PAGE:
Love can be a bittersweet affair. There's that over-the-moon outlook when nothing ever, ever will dampen those giddy feelings. She is perfect in every way. No one compares to him.
Then he forgets to call and she texts once too often. The reality of every relationship is that the very good is almost always accompanied with a little not-so-hot. Bittersweet.
Valentine's Day is coming right up, and we think a breakfast-in-bed brunch menu featuring bittersweet chocolate is a fine way to woo your honey, whether you celebrate the holiday on Feb. 14, a Tuesday this year, or over the weekend leading up to it. Even if you're not much of a cook, you can whip up a frothy Chocolatier cocktail of light rum, Creme de Cacao and chocolate ice cream with chocolate shavings on top. Surely, that says "I love you." Or at least "I tried," always an important concept on Valentine's Day.
Chocolate has become nearly as complicated as wine, with many types and brands available. Don't let the percentage numbers on packages intimidate you. Here's what you want for the recipes included here: bittersweet chocolate that doesn't exceed 62 percent cacao. Cacao -- cocoa solids -- derived from processing the bean is what gives chocolate its distinctive flavor; added sugar makes it sweet, and cocoa butter, also from the bean, makes it smooth.
Bittersweet chocolate has about a third less added sugar than semisweet chocolate, even though the two are often used interchangeably in baking. In general, you should use the type of chocolate called for in the recipe or risk results you aren't happy with. Unsweetened chocolate, as it says, has no sugar at all -- it's 100 percent cacao -- and milk chocolate has the most sugar and least amount of cacao. Actually, white chocolate has the least amount of cocoa solids: none.
The Food and Drug Administration classifies bittersweet chocolate as containing at least 35 percent cacao, but many brands on the market contain much more than that. You'll find Baker's and Ghirardelli bittersweet chocolate in most grocery stores and some bigger markets carry Scharffen, Berger and Lindt.
Now, we are not suggesting that your brunch include all of the recipes here, just that you pick one or two as a centerpiece and build a meal around it.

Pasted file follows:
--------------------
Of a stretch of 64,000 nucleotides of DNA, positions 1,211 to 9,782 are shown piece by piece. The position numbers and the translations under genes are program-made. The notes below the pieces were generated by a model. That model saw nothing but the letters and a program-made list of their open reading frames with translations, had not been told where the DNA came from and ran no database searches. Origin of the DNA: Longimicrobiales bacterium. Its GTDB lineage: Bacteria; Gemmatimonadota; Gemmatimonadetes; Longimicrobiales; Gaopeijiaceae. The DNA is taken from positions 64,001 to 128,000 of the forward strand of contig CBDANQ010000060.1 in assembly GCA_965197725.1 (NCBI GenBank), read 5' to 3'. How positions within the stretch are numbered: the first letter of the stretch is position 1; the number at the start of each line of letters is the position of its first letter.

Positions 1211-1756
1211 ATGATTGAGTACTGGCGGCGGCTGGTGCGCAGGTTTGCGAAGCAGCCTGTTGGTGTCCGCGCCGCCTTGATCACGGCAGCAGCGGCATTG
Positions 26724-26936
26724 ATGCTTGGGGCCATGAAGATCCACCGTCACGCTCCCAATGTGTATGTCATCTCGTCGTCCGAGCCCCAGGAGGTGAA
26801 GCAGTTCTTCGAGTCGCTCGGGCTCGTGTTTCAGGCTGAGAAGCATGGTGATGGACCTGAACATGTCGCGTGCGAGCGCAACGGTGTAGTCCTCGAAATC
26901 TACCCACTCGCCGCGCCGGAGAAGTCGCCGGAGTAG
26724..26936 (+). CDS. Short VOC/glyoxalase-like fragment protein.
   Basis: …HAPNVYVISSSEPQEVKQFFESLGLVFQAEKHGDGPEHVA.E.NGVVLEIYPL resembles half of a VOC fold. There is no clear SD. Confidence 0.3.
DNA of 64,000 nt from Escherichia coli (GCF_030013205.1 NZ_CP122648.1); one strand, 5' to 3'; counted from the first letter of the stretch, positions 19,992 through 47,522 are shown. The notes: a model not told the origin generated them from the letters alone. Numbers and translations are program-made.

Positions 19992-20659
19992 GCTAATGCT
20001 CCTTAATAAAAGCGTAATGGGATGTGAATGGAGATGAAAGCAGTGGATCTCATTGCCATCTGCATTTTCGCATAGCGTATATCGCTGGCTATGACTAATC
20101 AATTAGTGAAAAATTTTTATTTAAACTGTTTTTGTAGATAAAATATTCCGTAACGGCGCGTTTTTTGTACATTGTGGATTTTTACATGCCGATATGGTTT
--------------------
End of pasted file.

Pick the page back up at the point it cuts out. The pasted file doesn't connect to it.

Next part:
For instance, the Sugared Chocolate Beignets would be a lovely accompaniment to Greek yogurt, honey and chopped walnuts. Or offer them with mini-quiches and fresh fruit.
These little pastry pillows are a busy cook's best friend because they can be made ahead and frozen. Serve just after they've come from the oven for best results. Did we mention they start with puff pastry, a great convenience item to keep in your freezer?
You can show off your mad baking skills with the homemade crust for Rustic Chocolate Tart or use prepared pie dough. We tested the recipe with prepared dough and it worked well. (Look for the unroll-and-fill variety, not the dough already formed in the pan.) The free-form pie is very rich but would still benefit from a dollop of freshly whipped cream without sugar. Serve as the sweet ending to a traditional omelet-bacon-toast brunch.
Grilled Bittersweet Chocolate Sandwiches are a sophisticated offering that can be tinkered with according to your tastes. Call them panini if you want to be more trendy. Sliced strawberries or bananas change the taste, as would chopped hazelnuts or even peanuts. These are also rich, thanks to the butter on the bread. A wee bowl of fresh raspberries and strawberries would be an appropriate accompaniment.
Chocolate Covered Strawberries will go with just about anything and can easily be made the day before. In fact, they should be. Melt about 8 ounces of bittersweet chocolate with 1 tablespoon shortening and dip away. Make sure your strawberries are very dry.
SUGARED CHOCOLATE BEIGNETS
2 tablespoons corn syrup
1/2 cup heavy whipping cream
4 ounces chopped bittersweet chocolate
2 sheets (17 ounces total) cold, thawed puff pastry dough
1 large egg
1/2 cup sugar
Combine corn syrup and cream in a microwave-safe container. Heat in 30-second intervals until boiling. Put chocolate in a bowl and pour hot cream on top. Stir chocolate until smooth, then chill, stirring often, until firm, about 20 minutes.
Meanwhile, line 2 baking sheets with parchment paper. On a lightly floured surface with a lightly floured rolling pin, roll each pastry dough sheet into a 12-inch square. Cut each square into 16 smaller squares and transfer to a baking sheet.
In a bowl, lightly whisk egg and 1 tablespoon water to blend, then brush over pastry squares. Spoon about 1 teaspoon chocolate into the center of each square. Fold 1 corner of each square over to meet the opposite corner, forming a triangle. Press edges to seal. Use a 2-1/2-inch round cutter to trim corners of triangle and form a shape that resembles a three-quarter moon. Wrap trays with plastic wrap and freeze at least 1 hour and up to 1 week. (To save space, after 30 minutes of freezing, put pastries in resealable